Art and the City

Profile: Jillian Bonahoom Macedonia      

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Floating, oil on canvas, 52" x 36", Jillian Macedonia

The water moves—shimmers, reflects and distorts. It can leave a photostatic, but fluid image on your optic nerve. It’s a vision circulating among your neurons and it can get stuck in your head and run through your mind like the echoes of a musical refrain.

The water paintings of Jillian Macedonia bring you home to where it all began eons ago—a float in an environment so natural, so blessing, yet so threatening and threatened. Humans swim or frolic in lakes or near shorelines. Boats ride softly and comfortably in protected ports. Water simply flows downstream or bubbles from a fountain. She is able to capture a substance so familiar, yet so mysterious.

Fallen, oil on canvas, 36″ x 52″, Jillian Macedonia

Jillian revels in each of her topics, from landscapes to harbors, to people going about their lives in the Tuscany region of Italy. She has been a repeating resident of La Macina di San Cresci, an artist residency in Greve in Chianti, Italy, since 2009.

Jillian grew up in Detroit and received a masters degree in art from American University and stayed in the DC area. She has a studio in Edgewater and teaches art at a middle school in Glen Burnie.

Whether precisely visually defined or abstracted—flowing waters, village scenes and portraits in everyday settings—the paintings of Jillian Macedonia capture that moment that registers in your mind, then disappears into the currents of time.

You can find her work now at the U.S. District Court for the District of Maryland. {See: At the Galleries] and at other venues throughout the region.

www.jillianmacedonia.com

Mermaid, oil on canvas, 25″ x 31″, Jillian Macedonia

Jim Magner’s Thoughts on Art
Water is more enigma than thing—contracting when frigid, then expanding when frozen. We need it to live, yet it’s nature’s strongest solvent. To an artist it can be sparkling or stagnant, flowing softly in streams, roaring down mountains, crashing against cliffs or chasing itself in river eddies. It can absorb colors or reflect them. It’s forever fascinating.

Over the centuries, thousands of artists, both famous and not, have been captivated, by its ever-changing character and appearance. The challenge is to make it seem so natural in any environment that viewers immediately accept it for what it is. If it looks strained or worked over, the whole painting suffers…regardless of how small a proportion of the canvas it covers.

There are practically as many techniques as there are artists. Watercolor painters like Winslow Homer and Thomas Eakins let the media be itself and flow over and into the surface of the paper.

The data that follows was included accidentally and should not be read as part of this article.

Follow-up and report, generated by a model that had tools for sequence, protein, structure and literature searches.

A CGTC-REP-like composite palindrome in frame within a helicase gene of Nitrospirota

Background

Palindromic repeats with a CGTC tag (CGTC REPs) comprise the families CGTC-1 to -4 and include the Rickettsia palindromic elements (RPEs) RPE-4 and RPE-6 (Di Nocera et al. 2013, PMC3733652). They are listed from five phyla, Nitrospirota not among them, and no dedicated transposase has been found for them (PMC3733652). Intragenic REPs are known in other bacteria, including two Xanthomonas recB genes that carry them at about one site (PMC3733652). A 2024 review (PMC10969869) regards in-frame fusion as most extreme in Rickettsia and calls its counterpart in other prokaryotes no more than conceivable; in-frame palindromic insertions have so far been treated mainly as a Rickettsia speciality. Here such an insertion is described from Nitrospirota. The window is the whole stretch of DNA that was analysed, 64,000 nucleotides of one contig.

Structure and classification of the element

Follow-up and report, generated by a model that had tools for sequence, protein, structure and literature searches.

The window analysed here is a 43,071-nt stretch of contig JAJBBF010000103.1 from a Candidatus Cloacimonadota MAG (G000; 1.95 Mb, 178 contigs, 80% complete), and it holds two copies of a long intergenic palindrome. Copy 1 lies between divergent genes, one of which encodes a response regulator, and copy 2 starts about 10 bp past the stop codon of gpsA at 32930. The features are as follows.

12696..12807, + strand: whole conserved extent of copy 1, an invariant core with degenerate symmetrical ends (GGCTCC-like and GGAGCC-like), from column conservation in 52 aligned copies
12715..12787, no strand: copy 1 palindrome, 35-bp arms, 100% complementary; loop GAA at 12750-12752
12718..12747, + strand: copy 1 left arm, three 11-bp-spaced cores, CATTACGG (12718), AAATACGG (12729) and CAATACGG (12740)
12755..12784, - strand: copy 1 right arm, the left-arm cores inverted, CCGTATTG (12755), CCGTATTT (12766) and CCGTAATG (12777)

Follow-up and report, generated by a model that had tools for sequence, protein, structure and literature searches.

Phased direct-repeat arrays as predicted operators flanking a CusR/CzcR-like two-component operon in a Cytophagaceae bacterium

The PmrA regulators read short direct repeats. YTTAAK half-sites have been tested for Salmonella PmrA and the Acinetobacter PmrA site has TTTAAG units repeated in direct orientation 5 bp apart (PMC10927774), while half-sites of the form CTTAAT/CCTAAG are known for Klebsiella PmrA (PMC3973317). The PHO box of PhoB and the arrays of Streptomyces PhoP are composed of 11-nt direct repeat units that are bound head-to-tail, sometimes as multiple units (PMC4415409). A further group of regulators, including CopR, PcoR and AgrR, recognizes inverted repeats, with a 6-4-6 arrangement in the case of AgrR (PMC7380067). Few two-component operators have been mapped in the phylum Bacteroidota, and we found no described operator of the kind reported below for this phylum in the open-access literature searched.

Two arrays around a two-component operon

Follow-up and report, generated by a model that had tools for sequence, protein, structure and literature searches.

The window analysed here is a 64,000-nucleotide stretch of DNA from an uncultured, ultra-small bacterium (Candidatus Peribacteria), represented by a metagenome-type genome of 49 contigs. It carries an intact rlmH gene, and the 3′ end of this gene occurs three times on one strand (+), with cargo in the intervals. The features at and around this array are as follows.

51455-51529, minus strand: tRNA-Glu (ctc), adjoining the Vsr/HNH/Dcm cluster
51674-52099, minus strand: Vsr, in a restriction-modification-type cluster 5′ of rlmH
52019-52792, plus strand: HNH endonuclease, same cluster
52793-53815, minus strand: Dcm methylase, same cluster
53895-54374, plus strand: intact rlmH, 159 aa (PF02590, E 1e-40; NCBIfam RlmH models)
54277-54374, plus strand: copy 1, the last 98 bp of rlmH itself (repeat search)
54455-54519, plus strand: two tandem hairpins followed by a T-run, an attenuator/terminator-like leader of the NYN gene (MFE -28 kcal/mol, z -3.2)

It can also be mastered in oils. J.M.W. Turner, Claude Monet and others celebrated water as a life form—dramatic and alive. It often becomes the essence of the work—even the subject itself.

Jillian Macedonia, [see Artist Profile] can get as much fluidity and visual excitement in her paintings of water as any of the celebrated masters. It can easily become fixating. If you look long enough, it welcomes you home.

At the Galleries
The Capitol Hill Arts Workshop (CHAW)
545 7th St., SE
Jan. 7 — Feb. 16
Reception: Fri., Feb.1, 6 -7
Lenora Yerkes is the recipient of the 2019 Gallery Artist Residency, a six-week paid residency in the CHAW’s gallery where she will work and display her daily drawings, creating a total narrative experience. Lenora will be drawing in the gallery on Tuesdays, Wednesdays and Fridays beginning January 7th from 5:00-8:00, and on Saturdays 12-3. Lenora will also teach a workshop: “How to Narrate Your Life in Comics” on Saturday, February 16, from 2—4. All events are free and open to everyone.
www.chaw.org

Hill Center
921 Pennsylvania Ave. SW
Jan., 10 – March 3
Reception: Jan. 16, 6:30-8:30
The Hill Center’s first juried exhibition of the year lists 84 artists from throughout the region. The juror, Caitlin Berry, Associate Director at Hemphill Fine Arts, “faced a difficult task of selecting 100 pieces of work from over 600 submitted pieces from 130 artists.” During the reception on January 16, she will announce the top three prize winners.
www.hillcenterdc.org

Tory Cowles
Touchstone Gallery
901 New York Ave, NW
Jan 2 — 31
Reception: Sat., Jan. 5, 4 – 6
Artist talk: Sat., Jan. 19, 4 – 6
This is Tory’s inventive solo sculpture show that includes body sculptures that you can wear as well as stationary installations. The opening reception is a celebration not just of art but the art of movement. A dance troupe, wearing the body sculptures will lead the dance and offer the sculptures to others who may join in. Tory promises that the opening will be “pretty improvisational.”
www.touchstonegallery.com

Bradley Stevens
Zenith Gallery
1429 Iris St NW
—Jan 19
You still have time to visit Zenith to see the new Bradley Stevens series of paintings, “Museum Studies II: Honoring the Female Perspective.” Stevens recreates the interior of National Gallery, with individual masterpieces. He features women experiencing art so that “the physical and psychological act of “looking” is the subject.”

“Three Figurative Painters”
U.S. District Court for the District of Maryland
6500 Cherrywood Lane
Greenbelt, MD.
The Court is the venue for three very good “figurative” painters. Julian Macedonia, (see: Artist Profile) is exhibiting new paintings from her “Swimmers” series and her La Macina di San Cresci series. Steve Schulman captivates with expressive portraits of everyday life. Lora Moran-Collins captures the emotion of a time and place and the people sharing that time.